I got a £4,000 FREE cash bonus when I bought my £420,000 first home – here's how

LONDON Underground station supervisor Ian Legg was given £4,000 in free cash just by buying his £420,000 first home in Harlesden, London.

Ian, 43, only had to take out a £97,000 mortgage and put down a deposit of just £8,000 for his swanky two-bed flat because he bought it through a shared ownership scheme.

It means that Ian owns 25% of his flat, while Hyde New Homes, the developer and housing association, owns the rest.

He said he would never have been able to buy a house like this if it wasn’t for the scheme.

Ian even bagged £4,000 in free cash from Westminster City Council because he previously rented a special home from the council before he bought his shared ownership home.

Councils and housing associations often have schemes – called intermediate rent schemes – for those looking to save up for a shared ownership property.

It means a budding buyer can live in a flat where rent is subsidised and around 20% cheaper than the going market rate.

These schemes aim to help tenants save more so they can move on and buy a shared ownership property of their own.

Westminster City Council runs its own intermediate rent scheme where it gives £2,000 in free cash for every year a tenant stays in its homes.

The tenant is given this cash – as long as they go on to buy a shared ownership property.

As Ian lived in his rented flat for two years, he got a £4,000 bonus – which he put towards furnishing his new home.

But you could get a maximum of £10,000 if you live there for five years – the maximum length of time you can stay in and rent one of these homes.

Ian lives with his partner but bought the flat himself.

He earns £48,000 a year, and received no financial help from friends or family.

We caught up with Ian to see how he went from being a tenant to a homeowner for The Sun’s My First Home series.

Tell us about your flat

It’s on the second floor of a new-build block of flats in Harlesden, London.

It has two beds, and the spare bedroom is currently used as an office and hobby room.

I wanted to buy a two-bed flat so if my circumstances change, I can always rent it out and it will help to cover my mortgage repayments.

But I’m enjoying the extra space it gives me and my partner so far.

It also has a living room, and I painted the hallway purple – which I’ve always wanted to do, but never could because I’ve always rented.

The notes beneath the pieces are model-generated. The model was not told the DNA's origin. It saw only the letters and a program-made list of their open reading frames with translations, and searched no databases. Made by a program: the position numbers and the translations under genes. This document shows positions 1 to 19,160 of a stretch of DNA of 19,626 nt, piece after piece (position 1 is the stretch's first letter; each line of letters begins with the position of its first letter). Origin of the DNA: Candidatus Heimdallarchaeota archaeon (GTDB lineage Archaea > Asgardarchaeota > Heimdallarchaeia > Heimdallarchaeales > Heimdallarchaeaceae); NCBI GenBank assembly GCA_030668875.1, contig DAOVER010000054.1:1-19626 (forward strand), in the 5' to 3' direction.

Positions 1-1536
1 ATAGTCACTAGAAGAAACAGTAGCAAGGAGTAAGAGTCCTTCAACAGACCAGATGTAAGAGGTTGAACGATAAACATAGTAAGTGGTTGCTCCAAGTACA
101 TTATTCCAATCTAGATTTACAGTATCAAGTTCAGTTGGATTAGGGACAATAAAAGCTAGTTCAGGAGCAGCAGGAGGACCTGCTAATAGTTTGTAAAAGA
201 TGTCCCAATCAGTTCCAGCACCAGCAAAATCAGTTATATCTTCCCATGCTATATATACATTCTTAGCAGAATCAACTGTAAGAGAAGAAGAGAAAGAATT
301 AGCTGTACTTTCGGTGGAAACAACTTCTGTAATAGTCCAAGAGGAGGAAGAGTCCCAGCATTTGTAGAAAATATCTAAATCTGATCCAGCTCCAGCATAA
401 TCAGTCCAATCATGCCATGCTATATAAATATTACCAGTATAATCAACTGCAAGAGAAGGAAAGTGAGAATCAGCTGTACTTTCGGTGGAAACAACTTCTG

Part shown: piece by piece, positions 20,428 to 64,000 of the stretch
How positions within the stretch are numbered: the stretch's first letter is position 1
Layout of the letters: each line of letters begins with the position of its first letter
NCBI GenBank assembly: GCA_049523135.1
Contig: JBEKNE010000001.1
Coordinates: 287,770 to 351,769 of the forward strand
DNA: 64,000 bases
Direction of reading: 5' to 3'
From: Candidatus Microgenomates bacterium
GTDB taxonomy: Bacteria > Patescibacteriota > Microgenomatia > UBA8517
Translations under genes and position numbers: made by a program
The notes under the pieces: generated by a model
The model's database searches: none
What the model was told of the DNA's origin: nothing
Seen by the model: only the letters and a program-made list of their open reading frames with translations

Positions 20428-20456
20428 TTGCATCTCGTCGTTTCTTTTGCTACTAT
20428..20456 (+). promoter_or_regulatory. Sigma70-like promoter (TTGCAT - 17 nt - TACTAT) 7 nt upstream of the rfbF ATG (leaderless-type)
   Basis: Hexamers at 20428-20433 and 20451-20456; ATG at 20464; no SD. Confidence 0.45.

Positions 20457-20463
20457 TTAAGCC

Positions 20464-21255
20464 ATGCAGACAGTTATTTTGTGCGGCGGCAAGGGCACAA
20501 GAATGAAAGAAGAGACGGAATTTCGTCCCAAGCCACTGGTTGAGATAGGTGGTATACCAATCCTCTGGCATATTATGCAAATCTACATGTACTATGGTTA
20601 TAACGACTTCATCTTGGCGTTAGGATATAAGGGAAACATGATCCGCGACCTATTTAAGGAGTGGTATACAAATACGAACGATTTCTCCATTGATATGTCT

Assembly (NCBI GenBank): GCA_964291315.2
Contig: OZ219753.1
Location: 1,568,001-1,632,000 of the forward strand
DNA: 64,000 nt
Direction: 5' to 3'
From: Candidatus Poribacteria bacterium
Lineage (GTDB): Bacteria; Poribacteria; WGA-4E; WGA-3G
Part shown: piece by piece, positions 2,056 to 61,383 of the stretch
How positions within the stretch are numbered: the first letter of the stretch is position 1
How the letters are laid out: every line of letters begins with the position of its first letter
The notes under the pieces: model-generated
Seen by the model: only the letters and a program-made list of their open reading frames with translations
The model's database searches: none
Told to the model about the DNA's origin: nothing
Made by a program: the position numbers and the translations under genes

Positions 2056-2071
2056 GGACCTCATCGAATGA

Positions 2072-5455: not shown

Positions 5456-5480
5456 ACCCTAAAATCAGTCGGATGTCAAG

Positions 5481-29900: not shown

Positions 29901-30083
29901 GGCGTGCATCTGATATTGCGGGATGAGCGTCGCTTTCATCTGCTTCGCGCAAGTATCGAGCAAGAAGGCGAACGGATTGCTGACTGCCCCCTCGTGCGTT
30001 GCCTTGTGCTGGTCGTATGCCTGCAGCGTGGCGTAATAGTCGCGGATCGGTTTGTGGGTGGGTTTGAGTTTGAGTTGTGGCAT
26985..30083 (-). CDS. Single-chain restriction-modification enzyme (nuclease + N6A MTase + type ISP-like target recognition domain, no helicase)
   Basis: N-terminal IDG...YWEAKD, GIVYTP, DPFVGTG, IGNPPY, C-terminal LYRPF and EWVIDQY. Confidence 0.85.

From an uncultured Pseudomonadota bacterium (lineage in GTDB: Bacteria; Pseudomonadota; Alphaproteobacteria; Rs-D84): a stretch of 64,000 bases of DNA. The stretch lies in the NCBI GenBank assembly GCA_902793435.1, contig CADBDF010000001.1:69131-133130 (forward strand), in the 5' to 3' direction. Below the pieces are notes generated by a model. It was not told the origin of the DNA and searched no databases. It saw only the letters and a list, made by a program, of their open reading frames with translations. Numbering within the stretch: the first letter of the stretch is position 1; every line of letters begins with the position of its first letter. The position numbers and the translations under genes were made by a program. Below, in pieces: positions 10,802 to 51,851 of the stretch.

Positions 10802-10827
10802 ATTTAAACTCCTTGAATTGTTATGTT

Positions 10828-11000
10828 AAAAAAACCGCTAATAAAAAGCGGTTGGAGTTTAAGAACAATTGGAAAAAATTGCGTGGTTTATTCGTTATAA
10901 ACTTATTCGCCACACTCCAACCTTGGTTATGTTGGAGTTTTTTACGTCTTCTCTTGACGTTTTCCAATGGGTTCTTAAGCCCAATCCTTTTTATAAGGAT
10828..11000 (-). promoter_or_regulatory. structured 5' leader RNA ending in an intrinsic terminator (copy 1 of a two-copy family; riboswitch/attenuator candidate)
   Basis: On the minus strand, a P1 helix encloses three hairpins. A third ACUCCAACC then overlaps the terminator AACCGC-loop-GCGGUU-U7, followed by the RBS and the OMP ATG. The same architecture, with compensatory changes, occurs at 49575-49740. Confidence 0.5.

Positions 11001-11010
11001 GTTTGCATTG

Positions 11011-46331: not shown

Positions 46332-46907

How much did you pay for it?

I don’t own all of my flat – I bought it through a shared ownership scheme.

Shared ownership lets buyers purchase a portion of the equity in a property if they can't afford to take out a mortgage for the total value of the home.

Pros and cons of buying a shared ownership home

YOU can use the shared ownership scheme as long as your household earns £80,000 a year or less, rising to £90,000 in London.

You must be a first-time buyer or have sold your home and be unable to afford a new one.

Make sure to contact your local Help to Buy agent to see which schemes you are eligible for in England and your local authority in Wales.

But before splashing out, you'll need to know the pros and cons of buying a shared ownership home – we explain below:


  • More affordable to buy: You don't have to buy the whole property, so you can take out a smaller mortgage for your home – making your monthly repayments less
  • Smaller deposit: You only have to put down a deposit on the portion of the house you are buying – this can be as low as 5%
  • Build up your equity: You can also slowly build up full ownership of your property by making "staircasing" payments


  • Selling it on: If you haven't staircased to own 100% of your property, you have to buy it onto a buyer who meets the shared ownership scheme criteria – limiting your pool of potential buyers
  • Harder to get shared ownership mortgage: You need to get a special shared ownership mortgage – there are fewer lenders offering these types of loans compared to traditional mortgages
  • Charges on your home: There will be service charges to pay and there could be restrictions on renovations or having pets
  • You may have to move further afield to get a shared ownership home – there may not be a scheme going in your preferred location

That means I co-own my home with Hyde New Homes, the developer, and I get charged rent on its portion of the property.

I own 25% of the flat, and I pay £450 in rent per month.

My mortgage is smaller too because I didn’t have to buy all of the flat – I took out a £97,000 special shared ownership mortgage on a 28-year term with a fixed rate for five years.

It also meant I paid a smaller deposit – I put down a 5% deposit for it at roughly £8,000.

I wouldn’t have been able to afford a flat outside of London, nevermind one in the city, if it wasn’t for the shared ownership scheme.

How did you go about getting a shared ownership house?

I first knew I wanted to buy a shared ownership home after my brother bought one of his own four years ago.